Improving your free-throw percentage is a simple matter of mathematics, according to researchers Drs. Chau Tran and Larry Silverberg of North Carolina State University.
Using three-dimensional computer simulations of hundreds of thousands of basketball trajectories, the two engineers determined the ideal characteristics of a free-throw shot.
They based their data on the assumption of a 6’6” player who would release the ball (assumed to be a men’s basketball) at a height of 7 feet.
The first variable Tran and Silverberg examined was spin. According to them, you should release the ball with about three hertz of backspin – or, so that the ball makes roughly three full backwards rotations before reaching the hoop.
This slows the ball upon contact with the backboard or rim, making it more likely that the shot will go in.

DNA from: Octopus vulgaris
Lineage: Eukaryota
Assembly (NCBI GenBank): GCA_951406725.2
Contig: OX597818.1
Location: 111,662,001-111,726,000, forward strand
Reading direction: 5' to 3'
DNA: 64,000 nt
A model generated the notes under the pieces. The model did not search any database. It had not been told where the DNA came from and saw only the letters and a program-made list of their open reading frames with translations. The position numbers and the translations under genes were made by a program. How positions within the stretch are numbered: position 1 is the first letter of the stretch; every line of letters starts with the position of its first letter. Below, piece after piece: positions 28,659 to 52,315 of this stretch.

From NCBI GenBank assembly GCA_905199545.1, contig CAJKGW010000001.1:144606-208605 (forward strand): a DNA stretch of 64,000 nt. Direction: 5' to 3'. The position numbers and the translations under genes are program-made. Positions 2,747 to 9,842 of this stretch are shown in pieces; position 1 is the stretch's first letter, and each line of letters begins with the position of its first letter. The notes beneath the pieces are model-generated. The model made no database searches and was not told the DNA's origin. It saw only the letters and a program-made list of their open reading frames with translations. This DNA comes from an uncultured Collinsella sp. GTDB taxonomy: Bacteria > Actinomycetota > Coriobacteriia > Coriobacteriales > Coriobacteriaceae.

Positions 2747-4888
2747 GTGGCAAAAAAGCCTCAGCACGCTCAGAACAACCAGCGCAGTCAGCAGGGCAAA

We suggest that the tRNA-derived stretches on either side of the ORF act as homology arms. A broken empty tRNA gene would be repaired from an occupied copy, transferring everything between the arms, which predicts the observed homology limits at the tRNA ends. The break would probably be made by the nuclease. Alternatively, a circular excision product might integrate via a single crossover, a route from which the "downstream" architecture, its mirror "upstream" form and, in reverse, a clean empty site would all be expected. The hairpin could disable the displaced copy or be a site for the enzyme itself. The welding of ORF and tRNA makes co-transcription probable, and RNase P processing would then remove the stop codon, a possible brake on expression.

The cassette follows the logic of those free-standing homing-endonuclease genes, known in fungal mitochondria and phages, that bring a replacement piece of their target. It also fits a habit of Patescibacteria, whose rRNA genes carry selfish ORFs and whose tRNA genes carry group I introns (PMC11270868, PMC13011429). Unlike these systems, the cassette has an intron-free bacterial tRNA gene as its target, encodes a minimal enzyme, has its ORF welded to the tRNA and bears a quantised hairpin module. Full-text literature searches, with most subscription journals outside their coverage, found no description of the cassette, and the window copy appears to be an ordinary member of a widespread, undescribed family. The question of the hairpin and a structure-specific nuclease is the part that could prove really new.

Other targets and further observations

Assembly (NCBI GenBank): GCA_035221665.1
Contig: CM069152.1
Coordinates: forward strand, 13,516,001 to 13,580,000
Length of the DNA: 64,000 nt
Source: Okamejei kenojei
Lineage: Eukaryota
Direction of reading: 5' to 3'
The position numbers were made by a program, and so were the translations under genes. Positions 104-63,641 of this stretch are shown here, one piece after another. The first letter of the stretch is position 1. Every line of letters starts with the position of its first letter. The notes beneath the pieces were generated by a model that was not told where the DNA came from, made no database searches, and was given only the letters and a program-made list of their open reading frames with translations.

The ball should also be released at 52 degrees to the horizontal, making the peak of its arc only a few inches higher than the top of the backboard.
For aiming, they found the most successful methods put the ball towards the back of the rim, either two inches to the left or two inches to the right of the place where the rim meets the backboard.
Their simulation data showed that aiming straight for the center of the backboard decreases the success rate by almost three percent.
Tran and Silverberg also recommend free-throw shooters should release the ball as high above the ground as possible with a smooth, consistent release speed for best results.
“Our recommendations might make even the worst free-throw shooters – you know who you are, Shaquille O’Neal and Ben Wallace – break 60 percent from the free-throw line,” Silverberg joked.
Their work is just another example of how mathematical questions can crop up in the most unexpected areas.
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